By Melinda Bach Gray
“Therefore, prepare your minds for action; be self-controlled; set your hope fully on the grace to be given you when Jesus Christ is revealed. As obedient children, do not conform to the evil desires you had when you lived in ignorance. But just as he who called you is holy, so be holy in all you do; for it is written: “Be holy, because I am holy.” (1 Peter 1:13-16)
Peer pressure is a term well discussed with most young people. It’s addressed by their parents, by mentors, in youth groups and at schools. It’s dramatized in movies and books. Often though, it is assumed that it is the “bad” or rebellious friends that will be a bad influence on our precious children so we encourage them to make “nice Christian friends” and strive to offer them opportunities to meet such people. What happens, though, when it is around your “saved” friends that you feel the most pressure or the most alone?
The year was 1988 and I was a young and naive 15 year old excited to spend the night at another gal’s house from church along with 4-5 other girls who I loved being around. They were fun, well liked, popular and I felt cool…ok, cool-er around them. It was the usual repertoire scheduled for an innocent evening among teenaged girls. Junk food, soda, a movie with good looking guys and romance in it, then we had plans to all get up at crack of dawn to help one of our friends with her paper route. When you’re 15, even delirium from sleep deprivation mixed with bed-head, pajamas and silly girls is entertaining. We were in the middle of watching Top Gun, lounging in our sleeping bags, bloated with carbonated drinks and pizza, and giddy with teenage infatuation as Val Kilmer and Tom Cruise (he was less crazy once) played beach volleyball shirtless in one of the movie’s most well known scenes. I’m usually a late night person but the last thing I am able to recall. It was only 10pm but could not resist my heavy lids and weary body as I drifted off to sleep. The next thing I remember was the girls trying to wake me at the “crack” for the paper route, but I couldn’t rouse at all. I was disappointed, when they finally did return, that I had missed it…missed most of the whole night. I chalked it up to just being really tired.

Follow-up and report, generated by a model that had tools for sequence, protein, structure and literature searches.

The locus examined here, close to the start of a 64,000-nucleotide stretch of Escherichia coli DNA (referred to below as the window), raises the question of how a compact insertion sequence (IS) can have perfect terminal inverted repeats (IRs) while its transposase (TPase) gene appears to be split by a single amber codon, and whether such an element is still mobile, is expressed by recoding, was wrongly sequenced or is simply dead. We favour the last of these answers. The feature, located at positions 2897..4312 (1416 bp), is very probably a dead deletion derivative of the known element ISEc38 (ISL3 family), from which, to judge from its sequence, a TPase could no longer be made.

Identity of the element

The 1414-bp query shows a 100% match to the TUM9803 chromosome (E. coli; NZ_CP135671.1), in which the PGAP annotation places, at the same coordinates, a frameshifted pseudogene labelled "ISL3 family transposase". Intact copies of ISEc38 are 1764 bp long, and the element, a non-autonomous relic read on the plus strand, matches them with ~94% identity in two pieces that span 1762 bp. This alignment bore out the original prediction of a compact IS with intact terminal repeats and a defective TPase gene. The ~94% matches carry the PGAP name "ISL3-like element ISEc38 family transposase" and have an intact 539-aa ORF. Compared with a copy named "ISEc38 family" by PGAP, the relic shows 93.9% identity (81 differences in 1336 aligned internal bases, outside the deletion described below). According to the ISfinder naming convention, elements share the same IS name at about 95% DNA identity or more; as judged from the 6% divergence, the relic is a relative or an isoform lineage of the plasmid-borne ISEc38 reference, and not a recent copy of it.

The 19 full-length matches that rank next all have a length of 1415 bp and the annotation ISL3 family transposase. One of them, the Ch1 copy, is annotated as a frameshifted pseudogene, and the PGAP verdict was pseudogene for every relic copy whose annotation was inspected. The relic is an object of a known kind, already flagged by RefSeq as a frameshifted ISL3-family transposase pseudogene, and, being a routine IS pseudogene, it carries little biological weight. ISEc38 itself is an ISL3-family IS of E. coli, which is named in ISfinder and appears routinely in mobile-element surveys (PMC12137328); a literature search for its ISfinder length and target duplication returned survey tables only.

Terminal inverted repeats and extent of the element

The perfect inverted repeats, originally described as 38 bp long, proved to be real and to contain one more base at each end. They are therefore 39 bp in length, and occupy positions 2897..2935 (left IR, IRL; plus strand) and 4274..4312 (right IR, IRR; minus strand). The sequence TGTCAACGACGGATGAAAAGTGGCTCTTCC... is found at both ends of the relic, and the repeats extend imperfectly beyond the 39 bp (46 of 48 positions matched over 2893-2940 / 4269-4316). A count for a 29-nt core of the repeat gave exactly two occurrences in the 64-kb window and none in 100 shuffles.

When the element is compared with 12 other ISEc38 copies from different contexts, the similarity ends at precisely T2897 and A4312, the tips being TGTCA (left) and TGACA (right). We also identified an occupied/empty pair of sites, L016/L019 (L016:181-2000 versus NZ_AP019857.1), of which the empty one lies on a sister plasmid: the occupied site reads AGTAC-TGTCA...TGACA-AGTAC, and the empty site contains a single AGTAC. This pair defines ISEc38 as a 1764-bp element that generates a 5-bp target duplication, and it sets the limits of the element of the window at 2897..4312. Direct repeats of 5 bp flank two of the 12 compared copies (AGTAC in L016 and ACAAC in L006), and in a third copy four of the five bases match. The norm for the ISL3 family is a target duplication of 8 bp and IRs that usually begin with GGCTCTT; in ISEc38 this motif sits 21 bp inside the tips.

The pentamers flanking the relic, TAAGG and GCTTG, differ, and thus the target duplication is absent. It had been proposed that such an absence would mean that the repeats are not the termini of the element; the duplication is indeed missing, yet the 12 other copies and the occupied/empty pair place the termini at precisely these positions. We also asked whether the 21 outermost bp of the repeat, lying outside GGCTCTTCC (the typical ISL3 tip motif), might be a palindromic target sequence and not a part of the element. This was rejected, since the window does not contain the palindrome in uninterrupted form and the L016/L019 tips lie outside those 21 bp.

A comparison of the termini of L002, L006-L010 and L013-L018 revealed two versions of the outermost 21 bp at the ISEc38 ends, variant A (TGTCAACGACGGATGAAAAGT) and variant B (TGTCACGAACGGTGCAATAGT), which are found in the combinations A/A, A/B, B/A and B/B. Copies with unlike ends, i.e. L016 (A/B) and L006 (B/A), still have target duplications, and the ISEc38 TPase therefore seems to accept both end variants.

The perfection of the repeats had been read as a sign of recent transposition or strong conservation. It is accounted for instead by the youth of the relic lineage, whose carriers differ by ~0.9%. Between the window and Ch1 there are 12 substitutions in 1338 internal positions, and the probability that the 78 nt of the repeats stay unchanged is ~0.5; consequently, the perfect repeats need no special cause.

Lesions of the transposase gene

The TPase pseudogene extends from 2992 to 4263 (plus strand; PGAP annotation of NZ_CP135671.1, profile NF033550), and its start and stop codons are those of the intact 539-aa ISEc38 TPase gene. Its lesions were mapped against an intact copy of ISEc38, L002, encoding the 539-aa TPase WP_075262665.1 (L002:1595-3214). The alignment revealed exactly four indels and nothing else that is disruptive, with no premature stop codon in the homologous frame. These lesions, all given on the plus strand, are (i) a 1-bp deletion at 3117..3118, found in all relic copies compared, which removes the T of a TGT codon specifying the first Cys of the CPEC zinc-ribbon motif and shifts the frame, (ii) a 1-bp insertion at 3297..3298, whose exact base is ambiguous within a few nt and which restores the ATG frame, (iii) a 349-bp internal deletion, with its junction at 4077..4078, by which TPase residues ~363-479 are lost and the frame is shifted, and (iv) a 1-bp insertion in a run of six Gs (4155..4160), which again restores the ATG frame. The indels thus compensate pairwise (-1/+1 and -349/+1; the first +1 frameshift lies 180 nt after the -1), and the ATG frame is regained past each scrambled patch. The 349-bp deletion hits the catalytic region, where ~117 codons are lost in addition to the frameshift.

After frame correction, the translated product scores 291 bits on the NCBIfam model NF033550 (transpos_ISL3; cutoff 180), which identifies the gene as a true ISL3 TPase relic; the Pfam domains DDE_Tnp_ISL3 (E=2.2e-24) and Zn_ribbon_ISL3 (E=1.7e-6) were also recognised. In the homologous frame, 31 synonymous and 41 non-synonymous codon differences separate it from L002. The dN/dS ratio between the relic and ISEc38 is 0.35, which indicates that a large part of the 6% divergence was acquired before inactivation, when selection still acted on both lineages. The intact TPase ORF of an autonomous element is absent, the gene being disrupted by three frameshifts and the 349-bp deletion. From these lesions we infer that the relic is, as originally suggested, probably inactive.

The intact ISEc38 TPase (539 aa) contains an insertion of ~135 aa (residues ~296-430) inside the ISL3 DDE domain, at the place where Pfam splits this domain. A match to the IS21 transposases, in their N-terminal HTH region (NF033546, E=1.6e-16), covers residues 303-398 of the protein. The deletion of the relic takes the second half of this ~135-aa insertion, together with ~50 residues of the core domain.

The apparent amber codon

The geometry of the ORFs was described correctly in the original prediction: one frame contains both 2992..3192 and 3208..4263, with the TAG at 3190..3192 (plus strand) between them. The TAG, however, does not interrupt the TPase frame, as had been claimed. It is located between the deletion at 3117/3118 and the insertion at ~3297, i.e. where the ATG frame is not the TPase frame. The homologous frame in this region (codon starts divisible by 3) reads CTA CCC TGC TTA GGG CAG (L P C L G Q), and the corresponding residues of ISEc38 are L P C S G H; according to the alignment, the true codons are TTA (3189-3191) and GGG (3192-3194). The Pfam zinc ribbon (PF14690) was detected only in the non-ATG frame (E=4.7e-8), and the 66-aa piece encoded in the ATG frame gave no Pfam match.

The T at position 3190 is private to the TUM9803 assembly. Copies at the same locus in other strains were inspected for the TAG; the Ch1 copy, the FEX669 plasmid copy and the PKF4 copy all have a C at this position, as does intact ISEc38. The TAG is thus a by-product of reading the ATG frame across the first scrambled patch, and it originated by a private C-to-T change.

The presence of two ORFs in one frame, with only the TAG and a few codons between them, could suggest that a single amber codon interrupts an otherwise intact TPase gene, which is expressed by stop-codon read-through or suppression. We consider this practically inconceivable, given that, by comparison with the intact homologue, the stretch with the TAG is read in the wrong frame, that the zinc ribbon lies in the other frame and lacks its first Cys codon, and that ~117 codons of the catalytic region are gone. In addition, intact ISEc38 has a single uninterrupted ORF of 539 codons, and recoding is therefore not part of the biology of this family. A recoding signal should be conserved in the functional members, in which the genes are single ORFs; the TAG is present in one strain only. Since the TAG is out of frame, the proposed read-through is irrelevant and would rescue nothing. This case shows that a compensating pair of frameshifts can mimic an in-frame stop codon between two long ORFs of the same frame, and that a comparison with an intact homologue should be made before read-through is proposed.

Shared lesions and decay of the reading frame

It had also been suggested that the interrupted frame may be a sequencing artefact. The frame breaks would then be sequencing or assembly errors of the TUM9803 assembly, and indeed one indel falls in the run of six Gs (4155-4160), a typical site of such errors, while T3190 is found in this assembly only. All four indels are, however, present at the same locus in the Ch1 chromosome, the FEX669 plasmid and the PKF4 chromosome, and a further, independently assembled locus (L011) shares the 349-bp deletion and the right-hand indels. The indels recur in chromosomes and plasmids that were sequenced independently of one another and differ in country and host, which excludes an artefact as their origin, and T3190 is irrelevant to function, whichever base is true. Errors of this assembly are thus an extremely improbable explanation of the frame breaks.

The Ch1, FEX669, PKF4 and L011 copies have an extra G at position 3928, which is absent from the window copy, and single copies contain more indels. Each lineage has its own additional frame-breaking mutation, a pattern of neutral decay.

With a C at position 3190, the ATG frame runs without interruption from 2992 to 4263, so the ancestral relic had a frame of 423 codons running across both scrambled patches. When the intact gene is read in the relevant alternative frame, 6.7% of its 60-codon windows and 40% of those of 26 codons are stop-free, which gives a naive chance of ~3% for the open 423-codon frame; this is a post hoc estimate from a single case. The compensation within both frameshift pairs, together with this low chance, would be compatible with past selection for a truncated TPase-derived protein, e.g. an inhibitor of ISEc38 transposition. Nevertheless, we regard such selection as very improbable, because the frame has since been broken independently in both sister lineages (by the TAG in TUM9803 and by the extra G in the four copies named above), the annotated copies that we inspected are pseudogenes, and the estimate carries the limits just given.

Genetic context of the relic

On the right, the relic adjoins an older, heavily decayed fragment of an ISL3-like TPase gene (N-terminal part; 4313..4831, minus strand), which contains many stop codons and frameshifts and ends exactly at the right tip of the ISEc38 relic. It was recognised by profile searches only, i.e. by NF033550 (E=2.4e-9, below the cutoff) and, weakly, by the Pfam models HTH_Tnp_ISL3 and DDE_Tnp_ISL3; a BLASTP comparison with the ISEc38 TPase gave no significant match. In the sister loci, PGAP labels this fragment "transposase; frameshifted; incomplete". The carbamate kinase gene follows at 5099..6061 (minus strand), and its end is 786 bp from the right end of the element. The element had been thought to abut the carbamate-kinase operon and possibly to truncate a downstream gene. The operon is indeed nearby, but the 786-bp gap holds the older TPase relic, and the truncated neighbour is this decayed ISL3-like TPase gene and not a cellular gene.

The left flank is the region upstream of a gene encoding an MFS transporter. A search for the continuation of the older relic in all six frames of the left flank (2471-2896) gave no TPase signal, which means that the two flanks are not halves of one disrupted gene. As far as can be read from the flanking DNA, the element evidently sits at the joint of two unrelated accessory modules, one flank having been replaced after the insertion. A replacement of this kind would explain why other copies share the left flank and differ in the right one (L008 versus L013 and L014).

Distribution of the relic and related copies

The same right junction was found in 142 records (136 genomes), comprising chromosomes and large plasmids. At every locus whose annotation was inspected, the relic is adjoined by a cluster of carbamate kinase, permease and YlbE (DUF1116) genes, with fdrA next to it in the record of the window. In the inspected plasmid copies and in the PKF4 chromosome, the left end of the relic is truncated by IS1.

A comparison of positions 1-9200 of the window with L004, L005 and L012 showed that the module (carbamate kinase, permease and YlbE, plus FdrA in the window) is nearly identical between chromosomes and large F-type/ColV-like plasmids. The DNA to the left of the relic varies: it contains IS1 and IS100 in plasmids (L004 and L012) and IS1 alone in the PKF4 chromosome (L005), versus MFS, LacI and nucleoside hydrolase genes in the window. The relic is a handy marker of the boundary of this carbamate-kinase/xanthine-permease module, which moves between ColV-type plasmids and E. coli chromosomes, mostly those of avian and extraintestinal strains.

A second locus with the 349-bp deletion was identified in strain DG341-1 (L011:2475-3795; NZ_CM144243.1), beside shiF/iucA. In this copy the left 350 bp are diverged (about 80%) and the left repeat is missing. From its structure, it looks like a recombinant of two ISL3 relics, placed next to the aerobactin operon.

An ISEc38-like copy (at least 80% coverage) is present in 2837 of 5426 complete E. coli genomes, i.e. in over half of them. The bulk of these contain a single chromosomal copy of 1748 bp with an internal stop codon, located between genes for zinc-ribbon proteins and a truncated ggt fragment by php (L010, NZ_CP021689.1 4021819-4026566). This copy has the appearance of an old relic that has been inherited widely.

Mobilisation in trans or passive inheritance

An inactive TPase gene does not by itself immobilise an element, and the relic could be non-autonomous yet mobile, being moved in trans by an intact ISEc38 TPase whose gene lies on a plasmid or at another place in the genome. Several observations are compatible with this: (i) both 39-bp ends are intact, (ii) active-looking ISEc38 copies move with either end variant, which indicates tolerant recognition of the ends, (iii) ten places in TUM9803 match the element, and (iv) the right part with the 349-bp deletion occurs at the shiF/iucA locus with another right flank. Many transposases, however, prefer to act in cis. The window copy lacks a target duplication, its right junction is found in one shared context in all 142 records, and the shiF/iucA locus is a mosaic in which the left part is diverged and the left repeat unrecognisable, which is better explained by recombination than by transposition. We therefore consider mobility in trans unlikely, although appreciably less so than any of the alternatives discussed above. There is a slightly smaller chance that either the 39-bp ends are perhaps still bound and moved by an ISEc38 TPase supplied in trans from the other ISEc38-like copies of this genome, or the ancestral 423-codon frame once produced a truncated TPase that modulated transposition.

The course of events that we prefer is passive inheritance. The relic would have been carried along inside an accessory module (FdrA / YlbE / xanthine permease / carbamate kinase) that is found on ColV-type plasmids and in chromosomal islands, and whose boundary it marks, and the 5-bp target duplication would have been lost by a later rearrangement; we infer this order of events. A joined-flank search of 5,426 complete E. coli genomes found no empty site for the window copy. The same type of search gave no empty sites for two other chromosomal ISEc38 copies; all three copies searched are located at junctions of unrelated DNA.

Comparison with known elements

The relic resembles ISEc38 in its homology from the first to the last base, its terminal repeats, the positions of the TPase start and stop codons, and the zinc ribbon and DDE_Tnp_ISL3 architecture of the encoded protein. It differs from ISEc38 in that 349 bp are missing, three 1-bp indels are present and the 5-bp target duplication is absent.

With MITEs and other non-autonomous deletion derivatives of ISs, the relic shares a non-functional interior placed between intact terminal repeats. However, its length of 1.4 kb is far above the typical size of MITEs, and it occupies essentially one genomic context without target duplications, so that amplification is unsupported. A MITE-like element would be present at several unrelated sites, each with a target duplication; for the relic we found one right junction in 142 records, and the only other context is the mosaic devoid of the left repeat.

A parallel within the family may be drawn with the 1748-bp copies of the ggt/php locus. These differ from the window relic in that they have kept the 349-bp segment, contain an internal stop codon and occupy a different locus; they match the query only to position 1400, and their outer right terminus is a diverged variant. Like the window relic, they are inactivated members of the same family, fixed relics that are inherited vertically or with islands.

It was two years later, our senior year, while at youth group when a friend who was known for her gossip said through a mocking laugh…”Do you remember the time when the girls drugged you at “*Brenda’s” house so they could drink wine coolers?” (remember, it was the 80’s). I didn’t even respond because the idea was so unfathomable to me. I apprehensively approached some of the girls and asked them if this was true. They giggled uncomfortably and confessed that it was, they had and can’t believe they did it…”we could’ve killed you! It was so bad!”
All I could do was sob.
The Back story: I had chosen to not hang around most of my school friends outside of school because most of their time was spent doing stuff I wanted to avoid. I wasn’t perfect…I was, actually, scared of being in an environment where I’d be in danger or tempted to do something stupid. So choosing to be around “like-minded” people and “safe” friends was my alternative.
The Night: What actually happened was the girls that wanted to drink, knew I wouldn’t and didn’t want me to feel uncomfortable and so the decision was suggested by the host to give me some sleeping pills in my Pepsi so then I wouldn’t be an issue.
The repercussions: I was devastated emotionally. I felt rejected. Even though these girls were still my friends and though two years had passed, suddenly I felt labeled a fool. I felt like a joke and I felt alone.